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I need to capture product data from a site on a regular basis and wondered if any one knows of a good software program? I've trialed Mozenda but its a monthly subscription and pricey in the long term. Obviously something thats free would be best but I don't mind paying either. Just need a decent program thats reliable and doesn't require much programming knowledge.

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14 Answers 14

Have you tried Kimono Labs? It's free and pretty quick to set up with an intuitive UI. Kimono basically lets you scrape sites by training an API with CSS selectors created through a point and click interface. It does allow for batch url crawling, pagination, attribute selection, scheduled crawls, etc. and has a bunch of built in integrations.

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You can try UiPath Studio to address all your scraping issues. The product is built on top of a very powerful SDK dedicated to scraping and UI automation. It comes with a Web Scraping wizard perfect for extracting structured data from web pages. If the data you need to scrape is not structured, then I recommend you use the Screen Scraping wizard. This extraction can be done even in background or in a hidden IE browser. You can easily develop workflows in the IDE and afterwards execute them separately or integrate them in your application.

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Have a look at Visual Web Ripper. It cost you some money but I think it's worth it. http://www.visualwebripper.com/ProductInformation/Features.aspx

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You could try the GrabzIt Screen Scraper tool, it has a wizard but for more advanced scraping you can use the inbuilt JavaScript instruction set.

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scrape.ly lets you web scrape sites by writing a simple url.

for example to scrape all the questions from stackoverflow you would write the following into your browser address bar.

http://scrape.ly/s/{http://stackoverflow.com/}{Printing the data and placement of tree elements}*
{'ask':'//*[@id="question"]/table/tbody/tr[1]/td[2]/div/div[1]/p[1]','username':'user3011391'}

What the url does:

  1. Go to stackoverflow.com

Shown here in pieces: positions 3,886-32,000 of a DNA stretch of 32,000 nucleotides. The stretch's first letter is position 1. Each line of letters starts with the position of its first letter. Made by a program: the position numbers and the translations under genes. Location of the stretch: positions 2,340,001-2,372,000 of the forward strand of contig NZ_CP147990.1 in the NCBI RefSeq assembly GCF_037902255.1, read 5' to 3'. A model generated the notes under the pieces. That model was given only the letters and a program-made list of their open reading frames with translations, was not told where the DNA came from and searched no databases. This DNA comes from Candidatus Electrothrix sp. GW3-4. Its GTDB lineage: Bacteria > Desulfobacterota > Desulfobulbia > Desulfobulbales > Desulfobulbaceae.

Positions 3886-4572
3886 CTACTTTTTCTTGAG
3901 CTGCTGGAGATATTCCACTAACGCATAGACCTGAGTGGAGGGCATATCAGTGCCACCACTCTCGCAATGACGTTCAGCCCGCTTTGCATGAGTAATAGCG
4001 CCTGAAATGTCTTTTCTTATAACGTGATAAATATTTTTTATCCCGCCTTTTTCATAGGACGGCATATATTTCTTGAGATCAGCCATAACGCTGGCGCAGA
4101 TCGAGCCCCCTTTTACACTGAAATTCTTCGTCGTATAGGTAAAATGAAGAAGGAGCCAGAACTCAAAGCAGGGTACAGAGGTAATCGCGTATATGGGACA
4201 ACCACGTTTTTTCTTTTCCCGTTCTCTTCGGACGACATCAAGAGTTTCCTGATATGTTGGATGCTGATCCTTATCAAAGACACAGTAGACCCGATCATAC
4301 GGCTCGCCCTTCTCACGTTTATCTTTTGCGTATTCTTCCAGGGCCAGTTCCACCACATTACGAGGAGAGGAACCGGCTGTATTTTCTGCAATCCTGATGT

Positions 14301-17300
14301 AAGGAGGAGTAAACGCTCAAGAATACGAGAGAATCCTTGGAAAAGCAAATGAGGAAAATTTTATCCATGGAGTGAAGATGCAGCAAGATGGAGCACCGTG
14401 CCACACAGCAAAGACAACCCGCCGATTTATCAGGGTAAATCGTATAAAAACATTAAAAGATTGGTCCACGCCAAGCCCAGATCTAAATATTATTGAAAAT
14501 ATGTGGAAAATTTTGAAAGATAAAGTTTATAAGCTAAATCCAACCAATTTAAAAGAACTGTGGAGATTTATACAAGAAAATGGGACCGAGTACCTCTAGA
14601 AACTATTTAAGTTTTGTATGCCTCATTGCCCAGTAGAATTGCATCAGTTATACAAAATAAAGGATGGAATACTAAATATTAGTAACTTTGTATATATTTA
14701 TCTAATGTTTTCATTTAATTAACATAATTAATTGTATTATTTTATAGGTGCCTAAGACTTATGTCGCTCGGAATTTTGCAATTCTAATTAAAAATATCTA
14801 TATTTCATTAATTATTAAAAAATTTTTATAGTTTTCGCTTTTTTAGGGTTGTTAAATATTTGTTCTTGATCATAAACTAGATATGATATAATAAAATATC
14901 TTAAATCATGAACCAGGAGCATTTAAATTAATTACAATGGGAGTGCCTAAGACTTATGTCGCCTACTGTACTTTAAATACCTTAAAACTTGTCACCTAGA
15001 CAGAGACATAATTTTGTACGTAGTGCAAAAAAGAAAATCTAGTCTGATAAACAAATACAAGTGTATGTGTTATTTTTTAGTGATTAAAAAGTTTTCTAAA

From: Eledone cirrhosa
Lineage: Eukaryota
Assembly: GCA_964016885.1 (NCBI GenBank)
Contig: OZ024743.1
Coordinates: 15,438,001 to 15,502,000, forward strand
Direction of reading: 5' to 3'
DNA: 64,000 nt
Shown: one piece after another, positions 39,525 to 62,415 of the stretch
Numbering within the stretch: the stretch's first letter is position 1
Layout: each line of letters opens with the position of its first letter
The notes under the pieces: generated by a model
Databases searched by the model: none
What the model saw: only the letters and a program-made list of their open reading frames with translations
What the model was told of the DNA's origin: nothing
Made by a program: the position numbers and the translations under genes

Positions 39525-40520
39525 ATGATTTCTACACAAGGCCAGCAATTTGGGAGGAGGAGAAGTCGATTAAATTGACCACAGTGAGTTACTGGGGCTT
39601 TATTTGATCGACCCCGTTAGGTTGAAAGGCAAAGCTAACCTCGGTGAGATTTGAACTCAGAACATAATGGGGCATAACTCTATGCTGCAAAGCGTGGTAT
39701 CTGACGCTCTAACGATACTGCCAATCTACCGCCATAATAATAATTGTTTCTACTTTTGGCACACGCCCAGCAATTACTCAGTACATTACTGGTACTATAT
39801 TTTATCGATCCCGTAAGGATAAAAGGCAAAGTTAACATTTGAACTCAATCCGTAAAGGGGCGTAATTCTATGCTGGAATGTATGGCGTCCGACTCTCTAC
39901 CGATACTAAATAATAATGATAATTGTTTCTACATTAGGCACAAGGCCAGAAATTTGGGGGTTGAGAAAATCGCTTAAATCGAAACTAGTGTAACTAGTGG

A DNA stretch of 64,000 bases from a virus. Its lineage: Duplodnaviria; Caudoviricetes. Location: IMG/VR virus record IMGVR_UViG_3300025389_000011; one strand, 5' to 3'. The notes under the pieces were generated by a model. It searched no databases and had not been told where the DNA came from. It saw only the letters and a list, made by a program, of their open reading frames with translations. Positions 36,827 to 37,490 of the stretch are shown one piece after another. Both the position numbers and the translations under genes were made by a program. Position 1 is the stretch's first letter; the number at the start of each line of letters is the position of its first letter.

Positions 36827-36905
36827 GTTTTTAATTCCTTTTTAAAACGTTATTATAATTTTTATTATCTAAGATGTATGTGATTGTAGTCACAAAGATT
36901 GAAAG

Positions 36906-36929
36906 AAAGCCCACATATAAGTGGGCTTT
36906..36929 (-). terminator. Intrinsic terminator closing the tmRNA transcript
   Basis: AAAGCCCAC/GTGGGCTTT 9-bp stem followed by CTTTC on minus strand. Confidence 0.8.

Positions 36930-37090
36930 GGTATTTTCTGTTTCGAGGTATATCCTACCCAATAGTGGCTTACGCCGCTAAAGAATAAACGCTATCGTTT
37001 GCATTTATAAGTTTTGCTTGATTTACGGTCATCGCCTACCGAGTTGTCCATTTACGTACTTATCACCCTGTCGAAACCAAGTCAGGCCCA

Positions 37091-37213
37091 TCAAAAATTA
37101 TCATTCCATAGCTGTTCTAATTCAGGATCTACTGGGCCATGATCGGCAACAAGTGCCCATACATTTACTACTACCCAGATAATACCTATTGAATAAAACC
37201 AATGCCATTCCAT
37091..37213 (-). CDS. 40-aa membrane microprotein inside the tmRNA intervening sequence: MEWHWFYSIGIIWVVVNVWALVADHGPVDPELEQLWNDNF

2. Get all the links like the example provided ("Printing the data...")
  3. Extract the question text into 'ask' column and asker's username into 'username'
  4. Download extracted data .csv file from http://scrape.ly/download/fMxj2x.csv
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Ugh, this site says it is still in Early Beta and won't let me sign up :/ –  krikara Aug 6 '14 at 2:15

http://trrdrr-scrapper.rhcloud.com is web based web scrapper, currently it have limited features, but its good to scrap a list of data. (example: scrap the list of questions and its autors of stackoverflow.com)

I like to add features like pagination, scheuler, regex support, scrap using html class, id ...

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No longer available –  slott Jan 22 at 12:49

I would definitely suggest looking at YQL from Yahoo (http://developer.yahoo.com/yql/)

It uses markup to define the structure of the webpage, then lets you run queries against it to extract data. It's a pretty neat idea, with lots of actively maintained markup structures for scraping popular sites.

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Scrape.it is free and open source, available on github.

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Hire a programmer to do it so that there is only a one off cost. I often see similar projects on freelancing websites like Elance and oDesk.

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You can use irobot from IRobotSoft, which is totally free, and provides more functionalityies than other paid software. Watch demos here http://irobotsoft.com/help/ for how simple it is.

Questions on their forum were answered very quickly.

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This irobotsoft is fantastic and very simple to use, thanks. –  adudley Dec 8 '11 at 14:55

Here are some other alternatives to consider:

  1. License the data from the provider. Call em up and ask 'em.

  2. Use Amazon Mechanical Turk to get humans to copy and paste and format it for ya. They are cheap.

  3. For automation, it depends on how complicated the HTML is and how often it changes. You could use Excel's Web Data Import if it's really simple.

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You can try ScraperWiki.com if you know python.

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Scraperwiki now also allows use of PHP and Ruby. –  Jonathan Deamer Nov 29 '11 at 17:23

I've experimented with Screen-Scraper and found it easy to use. The application comes in multiple versions: basic (which is free), professional, and enterprise. Also, multiple platforms are supported.

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1  
This (free version) works great. Just want to add, it supports Java, Javascript, and Python. The only issue I have noticed so far is that if your internet connection is lossy, then it might skip over some pages without telling you! That said, the script you write should identify if you skipped over pages. –  krikara Aug 6 '14 at 4:01

I really like iMacros. You can give it a test drive to see if it meets your needs with the totally free Firefox extension (there's also IE versions), but there are also more full featured application and "server" versions that have more features and ability to do thing in an unattended manner.

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